by Emily Kearns.
“Drink, sir, is a great provoker of three things,” notes Shakespeare. I would contend that in the case of S’Will, those things are engaged hilarity, colloquial wit, and bubbling chatter.
I had the pleasure of seeing The Fools Collaborative’s second reincarnation of S’Will at the Rogue Festival this past weekend and thoroughly enjoyed an hour of abridged Shakespeare, complete with champagne sipping and audience participation in the form of an interactive drinking game.
Shakespeare’s most infamous love story comes to present-day life in this laugh-a-minute comedy directed by Heather Parish. Antiquated and classic Italy meets modern and gritty Central Valley as the cast is thoroughly in on the joke.
In Romeo and Juliet, the story of star-crossed lovers ultimately meets its bitter end in Verona.
In S’Will, the pair meet in fair Visalia.
There is terrifically inappropriate humor and a range of zany accents littering the piece.
Oh, and Romeo and Juliet are gay girls.
The show hits the ground running with an ensemble of talented and boisterous actors. Haley White and Nicole Spate play the quirky girls in love with each other and display their affections in a manner both delightfully exaggerated and whimsically sweet.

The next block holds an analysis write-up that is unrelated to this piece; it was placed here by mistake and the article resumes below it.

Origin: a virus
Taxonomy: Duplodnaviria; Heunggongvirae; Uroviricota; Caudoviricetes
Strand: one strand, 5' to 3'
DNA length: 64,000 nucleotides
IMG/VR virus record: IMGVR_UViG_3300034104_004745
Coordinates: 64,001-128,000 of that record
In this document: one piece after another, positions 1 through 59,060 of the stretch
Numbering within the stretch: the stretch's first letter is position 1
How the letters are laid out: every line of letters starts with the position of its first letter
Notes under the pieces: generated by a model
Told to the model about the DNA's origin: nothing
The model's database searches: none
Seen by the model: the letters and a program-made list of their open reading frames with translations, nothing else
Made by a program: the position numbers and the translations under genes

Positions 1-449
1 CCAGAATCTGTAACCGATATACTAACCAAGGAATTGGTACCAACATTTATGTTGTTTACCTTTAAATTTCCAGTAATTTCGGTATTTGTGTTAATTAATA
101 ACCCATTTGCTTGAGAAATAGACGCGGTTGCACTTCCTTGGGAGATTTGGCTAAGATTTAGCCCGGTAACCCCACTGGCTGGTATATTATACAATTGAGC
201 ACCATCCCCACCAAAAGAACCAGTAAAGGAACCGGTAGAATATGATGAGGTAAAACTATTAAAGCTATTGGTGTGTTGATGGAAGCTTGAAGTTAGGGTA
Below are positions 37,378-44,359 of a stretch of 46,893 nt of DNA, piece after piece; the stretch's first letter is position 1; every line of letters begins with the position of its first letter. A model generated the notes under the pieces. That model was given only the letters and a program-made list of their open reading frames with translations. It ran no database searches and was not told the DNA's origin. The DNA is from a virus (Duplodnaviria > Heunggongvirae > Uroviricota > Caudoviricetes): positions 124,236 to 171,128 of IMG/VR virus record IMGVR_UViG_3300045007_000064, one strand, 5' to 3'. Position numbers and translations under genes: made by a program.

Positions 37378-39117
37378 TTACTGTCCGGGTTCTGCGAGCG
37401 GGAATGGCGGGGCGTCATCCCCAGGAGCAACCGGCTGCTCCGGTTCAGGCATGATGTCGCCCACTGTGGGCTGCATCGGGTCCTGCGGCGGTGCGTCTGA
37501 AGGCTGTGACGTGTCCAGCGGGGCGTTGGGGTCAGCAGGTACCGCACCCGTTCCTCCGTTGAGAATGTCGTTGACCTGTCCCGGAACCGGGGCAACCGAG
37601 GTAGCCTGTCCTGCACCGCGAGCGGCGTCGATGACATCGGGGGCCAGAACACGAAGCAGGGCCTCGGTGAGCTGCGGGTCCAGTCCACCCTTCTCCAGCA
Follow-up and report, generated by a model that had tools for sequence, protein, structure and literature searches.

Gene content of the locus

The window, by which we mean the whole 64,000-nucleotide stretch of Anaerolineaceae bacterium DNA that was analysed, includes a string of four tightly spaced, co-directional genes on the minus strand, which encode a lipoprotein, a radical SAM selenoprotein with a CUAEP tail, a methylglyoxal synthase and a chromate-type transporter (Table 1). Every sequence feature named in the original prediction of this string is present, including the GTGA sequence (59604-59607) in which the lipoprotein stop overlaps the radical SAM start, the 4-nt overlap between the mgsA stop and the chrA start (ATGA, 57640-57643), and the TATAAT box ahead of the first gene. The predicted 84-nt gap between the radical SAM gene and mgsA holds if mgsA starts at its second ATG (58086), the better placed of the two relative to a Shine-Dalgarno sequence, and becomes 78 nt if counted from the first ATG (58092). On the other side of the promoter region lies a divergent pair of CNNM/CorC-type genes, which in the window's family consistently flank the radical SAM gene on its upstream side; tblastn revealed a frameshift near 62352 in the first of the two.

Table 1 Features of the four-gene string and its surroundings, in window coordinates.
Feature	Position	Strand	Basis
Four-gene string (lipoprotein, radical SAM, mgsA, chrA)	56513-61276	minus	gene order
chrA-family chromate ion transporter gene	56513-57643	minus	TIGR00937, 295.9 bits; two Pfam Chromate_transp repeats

Miguel Gastelum and Casey Ballard each play multiple roles as supporting characters and propel the play by keeping the audience attentive to both the show itself and their drinking game score cards.
Audience participation plays a significant role as one member of the cast is drunk at the top of the show and several people run through the audience at various points. In addition, an audience member is chosen to play a surprise role as the story unfolds.
S’Will is the perfect example of what Shakespeare can do.
It requires no set, is fast-paced and quick-witted, pokes fun at what surrounds us, and transcends time and place.
This show hits Rogue in its perfect sweet spot: riotously funny, homespun, and perfectly eclectic. It’s a show that aims to be simultaneously silly and forthright, bridging the gap between the academic and the riotous, and it achieves that through its nonstop movement and carefully crafted script and blocking.
Located in the annexed and cozy Tower Lounge, this Rogue piece transforms a dark room into a fun and festive pub-like atmosphere as it truly puts on a show.
If you’re looking for an hour of bubbly giggles and a bit of escapism, I would wholeheartedly recommend that you see S’Will this weekend. Cheers!